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Documentary on Air Pollution Grips China

Millions of Chinese, riveted and outraged, watched a 104-minute documentary video over the weekend that begins with a slight woman in jeans and a white blouse walking on to a stage dimly lit in blue. As an audience looks on somberly, the woman, Chai Jing, displays a graph of brown-red peaks with occasional troughs.

“This was the PM 2.5 curve for Beijing in January 2013, when there were 25 days of smog in that one month,” explains Ms. Chai, a former Chinese television reporter, referring to a widely used gauge of air pollution. Back then, she says, she paid little attention to the smog engulfing much of China and affecting 600 million people, even as her work took her to places where the air was acrid with fumes and dust.

“But,” Ms. Chai says with a pause, “when I returned to Beijing, I learned that I was pregnant.”

She has said her concerns about what the filthy air would mean for her infant daughter’s health prompted her to produce the documentary, “Under the Dome.” It was published online Saturday, and swiftly inspired an unusually passionate eruption of public and mass media discussion. The newly appointed minister of environmental protection even likened the documentary to “Silent Spring,” Rachel Carson’s landmark exposé of chemical pollution.

“I’d never felt afraid of pollution before, and never wore a mask no matter where,” Ms. Chai, 39, says in the video. “But when you carry a life in you, what she breathes, eats and drinks are all your responsibility, and then you feel the fear.”

By early Monday morning, “Under the Dome” had been played more than 20 million times on Youku, a popular video-sharing site, and it was also being viewed widely on other sites.

Tens of thousands of viewers posted comments about the video, many of them parents who identified with Ms. Chai’s concern for her daughter. Some praised her for forthrightly condemning the industrial interests, energy conglomerates and bureaucratic hurdles that she says have obstructed stronger action against pollution. Others lamented that she was able to do so only after leaving her job with the state-run China Central Television.

“Support Chai Jing or those like her who stand up like this to speak the truth,” said one of the comments — which exceeded 25,000 by Sunday afternoon — on Youku. “In this messed-up country that’s devoid of law, cold-hearted, numb and arrogant, they’re like an eye-grabbing sign that shocks the soul.”

The documentary is part science lecture, part investigative exposé and part memoir, and Ms. Chai’s own story has become a focus of praise and criticism. Ms. Chai and her husband were wealthy and privileged enough for her to have given birth in the United States, according to a flurry of news reports last year, and some comments accused her of hypocrisy. Her daughter was born with a benign tumor that required surgery; newspapers have quoted scientists who have challenged Ms. Chai’s suggestion in the video that smog was to blame.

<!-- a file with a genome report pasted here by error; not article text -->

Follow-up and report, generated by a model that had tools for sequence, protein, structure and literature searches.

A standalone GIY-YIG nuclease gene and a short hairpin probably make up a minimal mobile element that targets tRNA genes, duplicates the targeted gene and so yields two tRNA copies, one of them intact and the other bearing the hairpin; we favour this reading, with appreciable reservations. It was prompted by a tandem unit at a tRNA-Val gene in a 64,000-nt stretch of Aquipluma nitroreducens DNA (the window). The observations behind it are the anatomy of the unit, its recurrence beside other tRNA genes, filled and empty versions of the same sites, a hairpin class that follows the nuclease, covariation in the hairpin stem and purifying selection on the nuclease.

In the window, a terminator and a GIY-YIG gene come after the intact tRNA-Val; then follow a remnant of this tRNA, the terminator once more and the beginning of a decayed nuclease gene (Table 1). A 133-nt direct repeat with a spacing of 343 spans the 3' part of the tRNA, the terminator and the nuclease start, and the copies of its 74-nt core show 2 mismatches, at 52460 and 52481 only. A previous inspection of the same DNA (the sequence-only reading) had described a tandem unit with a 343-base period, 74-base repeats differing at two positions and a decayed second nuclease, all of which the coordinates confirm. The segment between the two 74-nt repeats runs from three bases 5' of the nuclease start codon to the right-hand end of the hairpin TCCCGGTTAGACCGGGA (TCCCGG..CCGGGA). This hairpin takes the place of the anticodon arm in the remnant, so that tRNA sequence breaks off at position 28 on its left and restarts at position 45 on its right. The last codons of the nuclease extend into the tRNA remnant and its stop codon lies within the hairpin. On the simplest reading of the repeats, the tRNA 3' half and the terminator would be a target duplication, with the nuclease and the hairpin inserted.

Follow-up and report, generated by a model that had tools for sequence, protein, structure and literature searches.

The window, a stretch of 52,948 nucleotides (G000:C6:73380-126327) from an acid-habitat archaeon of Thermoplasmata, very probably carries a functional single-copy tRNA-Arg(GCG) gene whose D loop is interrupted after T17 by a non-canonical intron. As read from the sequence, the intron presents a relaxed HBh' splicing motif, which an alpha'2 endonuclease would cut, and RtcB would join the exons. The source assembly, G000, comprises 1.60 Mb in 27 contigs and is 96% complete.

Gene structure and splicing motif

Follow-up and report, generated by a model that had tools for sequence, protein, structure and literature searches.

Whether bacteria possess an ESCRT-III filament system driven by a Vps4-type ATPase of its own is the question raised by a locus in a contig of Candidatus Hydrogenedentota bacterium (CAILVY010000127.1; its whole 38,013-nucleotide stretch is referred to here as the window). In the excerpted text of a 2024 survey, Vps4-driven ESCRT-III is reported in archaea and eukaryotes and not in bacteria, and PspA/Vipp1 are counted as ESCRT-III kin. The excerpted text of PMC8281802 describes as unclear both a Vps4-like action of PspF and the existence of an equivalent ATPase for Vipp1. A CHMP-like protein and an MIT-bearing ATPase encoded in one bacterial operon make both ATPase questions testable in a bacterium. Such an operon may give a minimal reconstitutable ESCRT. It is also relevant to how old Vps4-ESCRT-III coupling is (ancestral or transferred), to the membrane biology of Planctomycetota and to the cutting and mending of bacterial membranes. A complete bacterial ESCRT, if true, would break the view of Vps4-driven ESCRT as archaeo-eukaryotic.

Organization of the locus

But most of the reaction welcomed her initiative in producing and posting the documentary with her own money. Indeed, some have wondered how Ms. Chai got away with it.

China has been tightening restrictions on the Internet, and the documentary is somewhat critical of the government. Access to the video was not blocked, but by Sunday evening popular Chinese websites had removed prominent headlines and links about “Under the Dome” from their front pages, possibly at the behest of nervous propaganda officials.

Some officials, however, may even welcome it as an opportunity to build support for anti-smog measures. The website of People’s Daily, the main Communist Party newspaper, was one of the first to post “Under the Dome.” And the new minister of environmental protection, Chen Jining, praised the video.

Mr. Chen said at a news conference for Chinese reporters in Beijing on Sunday that the documentary reminded him of Ms. Carson’s “Silent Spring,” which on publication in 1962 inspired a public uproar about excessive use of pesticides, The Beijing Times reported, citing the Xinhua news agency.

“I think this work has an important role in promoting public awareness of environmental health issues,” Mr. Chen said, “so I’m particularly pleased about this event.”

Ms. Chai, 39, was born in Shanxi Province, a part of China abundant in coal, and bathed in noxious pollution. She told the website of People’s Daily that she decided to set aside worries about making her daughter the subject of a video.

“If I had not had this kind of emotional impetus,” she told the website, “I would have found it very difficult to spend such a long time completing this.”

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